If humans had left well enough alone then there wouldn't be a piece of Earth left uninhabitable for the next twenty-thousand years, give or take a few centuries.

From what little they'd discovered, the Soviet space program had been involved. The case that had been beside the charred orb had proclaimed as much. He and his fellow soldiers hadn't had the time to study much of the room before that squid-worm thing had spiked the Energon readouts and erupted through the floor.

He jolted from his musings at seeing the big 'Bot, Autobot Leader Optimus Prime, walking their way. His hand was fisted around something, most likely the orb, and his battle mask was up. Jetfire, another ex-Decepticon-turned-Autobot, walked just behind and to the side of the sometimes-Mack truck. Jetfire was taller than Optimus by a good ten feet, but he stooped just a little and leaned into his cane.

He'd barely contained his disbelief to see an old Transformer. It didn't seem possible.

Optimus stopped several feet before them, his eyes shining with emotion. He may have been a space-faring robot, but Hunter knew tension when he saw it. Optimus was not happy.

"What was it after, Optimus?" The Lt. Colonel asked of the larger being and, if he was honest, commanding officer. Optimus held rank over William Lennox if they were to group the Autobot faction in with the human faction entirely. Optimus was like a 5-Star Brigadier General as far as Hunter was concerned.

"It, as you so phrase it, was after this." Optimus opened his hand to reveal the orb. It didn't look like anything special to Hunter, but what did he know? He was just a grunt in the grand scheme of things. Besides that, there was often more than met the eye when it came to anything involving the Transformers. "The being is what we call a Driller. They were primarily a work-force designed in the earlier times of Cybertron. They are remotely sentient and are fiercely loyal to their Masters. This one's Master was Shockwave."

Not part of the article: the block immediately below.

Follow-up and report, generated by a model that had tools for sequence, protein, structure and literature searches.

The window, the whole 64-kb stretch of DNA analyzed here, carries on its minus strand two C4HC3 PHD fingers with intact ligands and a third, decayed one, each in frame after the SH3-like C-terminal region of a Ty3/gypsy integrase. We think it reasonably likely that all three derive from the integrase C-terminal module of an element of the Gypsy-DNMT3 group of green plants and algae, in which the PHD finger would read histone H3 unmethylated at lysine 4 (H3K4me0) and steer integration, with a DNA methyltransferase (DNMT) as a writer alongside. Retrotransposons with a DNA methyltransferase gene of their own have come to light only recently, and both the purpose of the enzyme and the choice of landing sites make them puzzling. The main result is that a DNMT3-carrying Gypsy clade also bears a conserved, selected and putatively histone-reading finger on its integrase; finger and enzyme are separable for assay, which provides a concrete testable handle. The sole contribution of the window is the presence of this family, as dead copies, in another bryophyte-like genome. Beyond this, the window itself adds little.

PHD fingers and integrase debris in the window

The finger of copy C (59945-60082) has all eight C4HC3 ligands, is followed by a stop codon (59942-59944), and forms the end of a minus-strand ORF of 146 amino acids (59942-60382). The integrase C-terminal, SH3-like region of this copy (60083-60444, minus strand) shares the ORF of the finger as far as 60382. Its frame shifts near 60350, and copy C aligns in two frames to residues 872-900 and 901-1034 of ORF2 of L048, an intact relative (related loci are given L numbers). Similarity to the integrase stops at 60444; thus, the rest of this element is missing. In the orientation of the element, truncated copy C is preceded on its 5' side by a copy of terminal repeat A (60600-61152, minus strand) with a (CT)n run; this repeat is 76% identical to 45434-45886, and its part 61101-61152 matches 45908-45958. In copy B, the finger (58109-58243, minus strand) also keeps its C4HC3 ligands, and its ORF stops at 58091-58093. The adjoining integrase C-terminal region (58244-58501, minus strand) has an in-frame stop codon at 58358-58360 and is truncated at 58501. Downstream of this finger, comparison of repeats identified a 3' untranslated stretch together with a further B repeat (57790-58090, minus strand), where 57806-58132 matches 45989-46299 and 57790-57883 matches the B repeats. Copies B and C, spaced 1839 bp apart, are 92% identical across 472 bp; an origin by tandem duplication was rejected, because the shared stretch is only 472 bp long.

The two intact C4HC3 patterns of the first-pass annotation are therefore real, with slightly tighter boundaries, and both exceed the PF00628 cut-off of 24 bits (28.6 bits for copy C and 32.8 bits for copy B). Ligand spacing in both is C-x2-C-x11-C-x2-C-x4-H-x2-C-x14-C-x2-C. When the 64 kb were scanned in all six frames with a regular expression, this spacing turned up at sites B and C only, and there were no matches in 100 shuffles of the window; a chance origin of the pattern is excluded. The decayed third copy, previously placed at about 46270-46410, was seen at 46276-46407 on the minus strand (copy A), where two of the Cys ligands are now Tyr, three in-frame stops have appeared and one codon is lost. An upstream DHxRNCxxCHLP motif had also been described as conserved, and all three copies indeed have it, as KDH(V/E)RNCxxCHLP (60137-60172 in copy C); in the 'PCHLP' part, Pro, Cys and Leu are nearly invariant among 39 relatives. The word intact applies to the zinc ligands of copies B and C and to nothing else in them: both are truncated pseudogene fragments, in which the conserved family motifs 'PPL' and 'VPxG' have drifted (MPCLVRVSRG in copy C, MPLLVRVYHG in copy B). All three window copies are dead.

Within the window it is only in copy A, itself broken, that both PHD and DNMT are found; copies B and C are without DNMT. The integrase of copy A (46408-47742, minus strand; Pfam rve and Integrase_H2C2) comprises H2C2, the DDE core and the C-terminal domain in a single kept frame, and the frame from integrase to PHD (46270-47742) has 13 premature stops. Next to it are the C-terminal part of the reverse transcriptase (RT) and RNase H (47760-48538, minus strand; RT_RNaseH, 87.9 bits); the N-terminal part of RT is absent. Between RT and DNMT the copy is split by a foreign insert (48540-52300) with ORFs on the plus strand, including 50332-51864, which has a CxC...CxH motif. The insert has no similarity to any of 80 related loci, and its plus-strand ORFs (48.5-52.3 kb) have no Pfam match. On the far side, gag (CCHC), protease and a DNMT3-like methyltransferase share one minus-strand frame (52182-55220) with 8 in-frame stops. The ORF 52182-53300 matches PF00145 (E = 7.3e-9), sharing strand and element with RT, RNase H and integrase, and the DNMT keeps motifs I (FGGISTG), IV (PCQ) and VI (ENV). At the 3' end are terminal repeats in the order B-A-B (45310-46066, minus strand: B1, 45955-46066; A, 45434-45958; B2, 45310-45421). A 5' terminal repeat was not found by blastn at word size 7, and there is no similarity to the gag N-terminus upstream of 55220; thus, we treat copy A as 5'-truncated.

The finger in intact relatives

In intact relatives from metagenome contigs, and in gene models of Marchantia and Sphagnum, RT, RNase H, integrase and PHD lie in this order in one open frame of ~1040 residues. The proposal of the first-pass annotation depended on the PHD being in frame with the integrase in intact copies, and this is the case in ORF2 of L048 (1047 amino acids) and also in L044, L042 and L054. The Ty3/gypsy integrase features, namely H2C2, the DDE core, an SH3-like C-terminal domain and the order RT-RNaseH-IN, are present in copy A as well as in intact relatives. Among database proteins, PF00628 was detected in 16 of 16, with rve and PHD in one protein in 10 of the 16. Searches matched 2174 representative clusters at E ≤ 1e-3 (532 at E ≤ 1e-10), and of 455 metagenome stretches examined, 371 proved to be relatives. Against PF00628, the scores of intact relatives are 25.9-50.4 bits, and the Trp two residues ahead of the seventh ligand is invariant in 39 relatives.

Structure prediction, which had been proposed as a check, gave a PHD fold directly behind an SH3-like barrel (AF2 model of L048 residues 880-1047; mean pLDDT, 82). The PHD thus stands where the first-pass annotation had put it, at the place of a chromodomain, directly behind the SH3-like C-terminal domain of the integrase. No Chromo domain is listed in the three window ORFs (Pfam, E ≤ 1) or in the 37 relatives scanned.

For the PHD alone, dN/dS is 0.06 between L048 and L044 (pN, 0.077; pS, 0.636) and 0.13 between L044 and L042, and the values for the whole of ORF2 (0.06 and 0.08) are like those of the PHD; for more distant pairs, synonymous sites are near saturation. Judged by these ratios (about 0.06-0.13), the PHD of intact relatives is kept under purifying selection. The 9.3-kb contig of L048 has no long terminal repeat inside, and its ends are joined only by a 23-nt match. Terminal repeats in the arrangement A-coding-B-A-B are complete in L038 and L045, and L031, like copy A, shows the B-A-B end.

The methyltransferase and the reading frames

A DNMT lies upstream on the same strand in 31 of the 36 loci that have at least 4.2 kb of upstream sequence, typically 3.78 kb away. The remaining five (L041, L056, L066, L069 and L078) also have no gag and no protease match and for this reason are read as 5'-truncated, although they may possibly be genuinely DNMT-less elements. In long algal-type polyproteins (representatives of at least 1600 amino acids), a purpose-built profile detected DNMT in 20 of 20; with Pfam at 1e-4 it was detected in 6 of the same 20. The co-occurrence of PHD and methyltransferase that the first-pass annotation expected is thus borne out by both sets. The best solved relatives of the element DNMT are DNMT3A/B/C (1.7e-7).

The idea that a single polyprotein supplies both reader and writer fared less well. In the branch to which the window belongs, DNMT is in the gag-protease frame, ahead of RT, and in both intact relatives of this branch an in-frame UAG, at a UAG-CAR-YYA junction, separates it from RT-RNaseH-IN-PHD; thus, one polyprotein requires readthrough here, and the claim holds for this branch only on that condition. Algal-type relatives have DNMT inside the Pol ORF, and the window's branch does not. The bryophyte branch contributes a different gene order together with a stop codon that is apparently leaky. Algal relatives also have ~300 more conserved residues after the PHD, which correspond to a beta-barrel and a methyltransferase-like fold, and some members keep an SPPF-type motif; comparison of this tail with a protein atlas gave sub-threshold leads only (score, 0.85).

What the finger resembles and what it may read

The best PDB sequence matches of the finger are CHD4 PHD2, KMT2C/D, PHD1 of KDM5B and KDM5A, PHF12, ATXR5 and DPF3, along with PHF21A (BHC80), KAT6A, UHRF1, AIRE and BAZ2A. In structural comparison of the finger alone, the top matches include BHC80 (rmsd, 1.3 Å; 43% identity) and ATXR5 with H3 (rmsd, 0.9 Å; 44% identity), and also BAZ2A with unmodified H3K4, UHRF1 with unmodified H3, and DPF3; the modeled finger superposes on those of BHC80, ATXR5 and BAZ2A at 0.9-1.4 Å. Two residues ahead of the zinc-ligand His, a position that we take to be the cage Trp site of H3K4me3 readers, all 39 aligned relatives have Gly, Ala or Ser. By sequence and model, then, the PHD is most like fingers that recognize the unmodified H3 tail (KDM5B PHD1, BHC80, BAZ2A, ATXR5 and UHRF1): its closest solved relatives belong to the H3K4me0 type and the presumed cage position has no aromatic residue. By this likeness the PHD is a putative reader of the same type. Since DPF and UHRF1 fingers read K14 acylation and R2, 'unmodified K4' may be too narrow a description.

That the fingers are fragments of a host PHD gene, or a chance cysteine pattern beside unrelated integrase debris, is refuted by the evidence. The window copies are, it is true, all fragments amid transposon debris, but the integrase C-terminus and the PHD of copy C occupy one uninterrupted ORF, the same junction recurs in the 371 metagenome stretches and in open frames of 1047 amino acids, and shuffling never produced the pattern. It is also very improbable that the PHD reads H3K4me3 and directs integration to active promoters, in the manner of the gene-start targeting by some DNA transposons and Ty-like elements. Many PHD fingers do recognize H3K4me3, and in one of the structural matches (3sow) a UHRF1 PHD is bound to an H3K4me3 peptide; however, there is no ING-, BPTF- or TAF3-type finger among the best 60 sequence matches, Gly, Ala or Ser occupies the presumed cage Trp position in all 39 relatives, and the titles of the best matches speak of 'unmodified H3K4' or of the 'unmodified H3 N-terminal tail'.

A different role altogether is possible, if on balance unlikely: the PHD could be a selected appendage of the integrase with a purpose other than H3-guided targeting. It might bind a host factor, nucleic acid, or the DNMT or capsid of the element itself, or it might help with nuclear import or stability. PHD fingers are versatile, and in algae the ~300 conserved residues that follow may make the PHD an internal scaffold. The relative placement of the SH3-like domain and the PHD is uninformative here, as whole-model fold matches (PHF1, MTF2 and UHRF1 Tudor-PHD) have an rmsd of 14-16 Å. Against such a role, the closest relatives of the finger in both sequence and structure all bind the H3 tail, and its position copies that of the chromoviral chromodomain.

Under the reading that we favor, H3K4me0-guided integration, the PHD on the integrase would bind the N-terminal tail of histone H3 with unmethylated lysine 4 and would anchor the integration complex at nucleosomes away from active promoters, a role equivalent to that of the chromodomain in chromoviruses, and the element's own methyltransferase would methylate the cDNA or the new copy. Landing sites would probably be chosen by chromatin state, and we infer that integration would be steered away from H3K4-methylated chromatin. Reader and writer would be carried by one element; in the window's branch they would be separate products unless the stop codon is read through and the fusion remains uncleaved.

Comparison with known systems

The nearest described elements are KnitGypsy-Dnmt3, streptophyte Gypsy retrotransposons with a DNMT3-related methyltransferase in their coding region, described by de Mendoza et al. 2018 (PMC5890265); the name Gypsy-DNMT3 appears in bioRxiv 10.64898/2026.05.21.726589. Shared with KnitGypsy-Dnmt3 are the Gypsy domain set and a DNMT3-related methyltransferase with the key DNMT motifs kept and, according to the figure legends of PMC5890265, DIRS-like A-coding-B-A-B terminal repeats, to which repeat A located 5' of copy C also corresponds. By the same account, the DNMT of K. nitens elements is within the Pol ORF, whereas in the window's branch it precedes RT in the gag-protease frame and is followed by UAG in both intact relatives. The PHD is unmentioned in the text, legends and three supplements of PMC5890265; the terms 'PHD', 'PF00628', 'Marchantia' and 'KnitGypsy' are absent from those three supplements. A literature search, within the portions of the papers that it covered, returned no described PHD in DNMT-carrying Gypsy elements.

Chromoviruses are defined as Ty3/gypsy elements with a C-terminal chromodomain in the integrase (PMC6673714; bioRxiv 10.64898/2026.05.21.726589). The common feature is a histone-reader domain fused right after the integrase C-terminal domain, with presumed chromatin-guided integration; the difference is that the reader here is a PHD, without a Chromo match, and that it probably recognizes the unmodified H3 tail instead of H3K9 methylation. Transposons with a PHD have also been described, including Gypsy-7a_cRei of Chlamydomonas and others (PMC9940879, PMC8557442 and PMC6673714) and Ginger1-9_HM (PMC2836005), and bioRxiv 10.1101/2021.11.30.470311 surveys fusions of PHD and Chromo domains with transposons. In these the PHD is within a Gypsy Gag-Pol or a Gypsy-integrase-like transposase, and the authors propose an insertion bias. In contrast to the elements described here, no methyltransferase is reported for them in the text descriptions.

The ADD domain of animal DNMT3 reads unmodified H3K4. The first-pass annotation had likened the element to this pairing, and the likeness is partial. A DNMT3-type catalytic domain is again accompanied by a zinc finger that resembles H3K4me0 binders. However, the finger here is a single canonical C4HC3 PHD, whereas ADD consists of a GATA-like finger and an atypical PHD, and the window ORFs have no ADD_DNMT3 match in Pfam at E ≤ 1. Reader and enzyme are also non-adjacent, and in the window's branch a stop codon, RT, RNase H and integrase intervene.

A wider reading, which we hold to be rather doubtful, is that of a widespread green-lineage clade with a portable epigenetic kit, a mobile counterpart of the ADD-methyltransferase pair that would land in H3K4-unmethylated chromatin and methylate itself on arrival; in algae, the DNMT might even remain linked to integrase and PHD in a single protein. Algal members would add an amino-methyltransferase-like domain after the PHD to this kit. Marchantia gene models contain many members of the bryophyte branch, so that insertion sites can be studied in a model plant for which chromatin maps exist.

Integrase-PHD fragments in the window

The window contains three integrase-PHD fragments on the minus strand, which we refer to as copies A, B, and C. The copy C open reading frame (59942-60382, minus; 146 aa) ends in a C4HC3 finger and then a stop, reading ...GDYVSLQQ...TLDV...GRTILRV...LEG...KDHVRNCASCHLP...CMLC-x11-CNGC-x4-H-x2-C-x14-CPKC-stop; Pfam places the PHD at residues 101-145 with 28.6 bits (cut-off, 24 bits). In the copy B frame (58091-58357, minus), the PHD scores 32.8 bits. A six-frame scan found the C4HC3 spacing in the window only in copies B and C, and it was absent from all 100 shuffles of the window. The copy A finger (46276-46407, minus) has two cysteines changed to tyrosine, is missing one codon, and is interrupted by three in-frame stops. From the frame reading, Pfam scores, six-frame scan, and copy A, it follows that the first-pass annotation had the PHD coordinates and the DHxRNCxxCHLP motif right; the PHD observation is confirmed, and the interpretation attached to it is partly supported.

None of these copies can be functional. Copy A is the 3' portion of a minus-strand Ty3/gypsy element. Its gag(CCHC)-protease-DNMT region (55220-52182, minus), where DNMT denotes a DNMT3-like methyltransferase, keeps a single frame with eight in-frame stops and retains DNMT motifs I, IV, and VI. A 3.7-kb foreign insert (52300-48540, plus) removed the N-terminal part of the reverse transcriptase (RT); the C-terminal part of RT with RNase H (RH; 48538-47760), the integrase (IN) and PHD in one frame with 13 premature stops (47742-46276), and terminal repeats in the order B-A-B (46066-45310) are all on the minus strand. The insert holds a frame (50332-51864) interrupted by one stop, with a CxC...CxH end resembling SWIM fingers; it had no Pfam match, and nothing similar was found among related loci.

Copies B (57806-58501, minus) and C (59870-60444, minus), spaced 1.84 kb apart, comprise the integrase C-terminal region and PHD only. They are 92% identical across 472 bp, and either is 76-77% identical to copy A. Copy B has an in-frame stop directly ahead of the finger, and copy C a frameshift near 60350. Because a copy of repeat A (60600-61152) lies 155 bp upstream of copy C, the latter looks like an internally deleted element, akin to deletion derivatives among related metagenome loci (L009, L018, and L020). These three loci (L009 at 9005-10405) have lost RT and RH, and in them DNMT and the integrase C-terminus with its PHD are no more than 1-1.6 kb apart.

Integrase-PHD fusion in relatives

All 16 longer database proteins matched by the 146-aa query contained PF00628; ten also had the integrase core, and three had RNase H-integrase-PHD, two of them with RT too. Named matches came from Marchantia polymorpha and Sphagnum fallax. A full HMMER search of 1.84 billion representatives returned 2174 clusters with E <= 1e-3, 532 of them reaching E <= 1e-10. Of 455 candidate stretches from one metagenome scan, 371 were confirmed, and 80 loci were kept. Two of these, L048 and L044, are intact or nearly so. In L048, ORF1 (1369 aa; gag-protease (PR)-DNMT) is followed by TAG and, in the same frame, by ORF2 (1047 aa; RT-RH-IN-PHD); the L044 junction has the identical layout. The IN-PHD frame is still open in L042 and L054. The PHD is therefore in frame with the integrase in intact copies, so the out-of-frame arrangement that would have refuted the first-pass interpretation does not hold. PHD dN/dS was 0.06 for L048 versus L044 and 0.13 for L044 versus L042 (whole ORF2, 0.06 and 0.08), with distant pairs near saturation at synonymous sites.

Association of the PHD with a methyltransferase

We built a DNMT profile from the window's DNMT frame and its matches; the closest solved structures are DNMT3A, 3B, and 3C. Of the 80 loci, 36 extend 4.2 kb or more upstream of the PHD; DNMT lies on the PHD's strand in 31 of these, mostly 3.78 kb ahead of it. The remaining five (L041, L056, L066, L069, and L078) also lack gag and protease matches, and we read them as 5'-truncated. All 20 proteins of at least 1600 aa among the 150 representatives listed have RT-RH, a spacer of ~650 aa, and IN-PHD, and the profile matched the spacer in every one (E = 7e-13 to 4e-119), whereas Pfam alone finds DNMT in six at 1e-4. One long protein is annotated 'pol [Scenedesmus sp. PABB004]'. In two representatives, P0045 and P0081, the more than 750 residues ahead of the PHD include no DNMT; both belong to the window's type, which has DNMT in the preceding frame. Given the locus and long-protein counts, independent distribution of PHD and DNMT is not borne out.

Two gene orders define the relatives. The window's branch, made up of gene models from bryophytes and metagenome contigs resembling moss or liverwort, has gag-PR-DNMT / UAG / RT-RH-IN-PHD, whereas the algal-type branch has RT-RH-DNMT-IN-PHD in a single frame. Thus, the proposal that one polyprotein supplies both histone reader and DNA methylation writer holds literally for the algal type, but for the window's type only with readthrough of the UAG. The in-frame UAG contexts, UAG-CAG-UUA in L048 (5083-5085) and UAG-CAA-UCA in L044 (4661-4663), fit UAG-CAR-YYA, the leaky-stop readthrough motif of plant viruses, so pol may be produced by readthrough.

"Shockwave? Isn't he one of Megatron's remaining Generals?" Lennox inquired, scratching at his shoulder nervously. Megatron only had two Generals left, unless he'd promoted another since Astrotrain defected to the Autobots six year ago, and they were Shockwave and Soundwave.

"He is." Jetfire grumbled from beside his leader. He stomped his cane into the ground once, an unsettling show of anger since his cane presently sported two jagged blades at the tip. "That slaggin' glitch is as bright as they come. A brilliant tactician and scientist, but that one had a couple of screws loose. He is one that has always had difficulty differentiating between what is right and wrong when it comes to his…studies."

"Why would he want that hunk of junk?" Hunter found himself asking, berating himself instantly when the two monoliths and his commander turned their attentions to him. He gulped down his trepidation as best he could. "I mean, it's nothing important, is it?"

"It is entirely important," Optimus seemed to snap at him. Hunter fought not to cower in the face of the big brute's ire. He wasn't a small man and was in peak physical condition, but even the biggest and strongest human alive would shy away from the automaton when he was in a mood. "This is an engine part from a long-lost ship."

"How long lost?" Lennox interrupted Hunter before he could stuff his foot back into his mouth. There was a very good reason why he hadn't advanced any father in rank in his twenty years of service. At thirty-eight years old he still had trouble controlling his wayward tongue.

"Hundreds of your years. That ship left Cybertron near the end of our War on our planet before we were forced to retreat into the stars and wage War there." Optimus was quiet for only a moment before continuing. "I would put the time of its departure from Cybertron at around the time that Buddha was born here on Earth."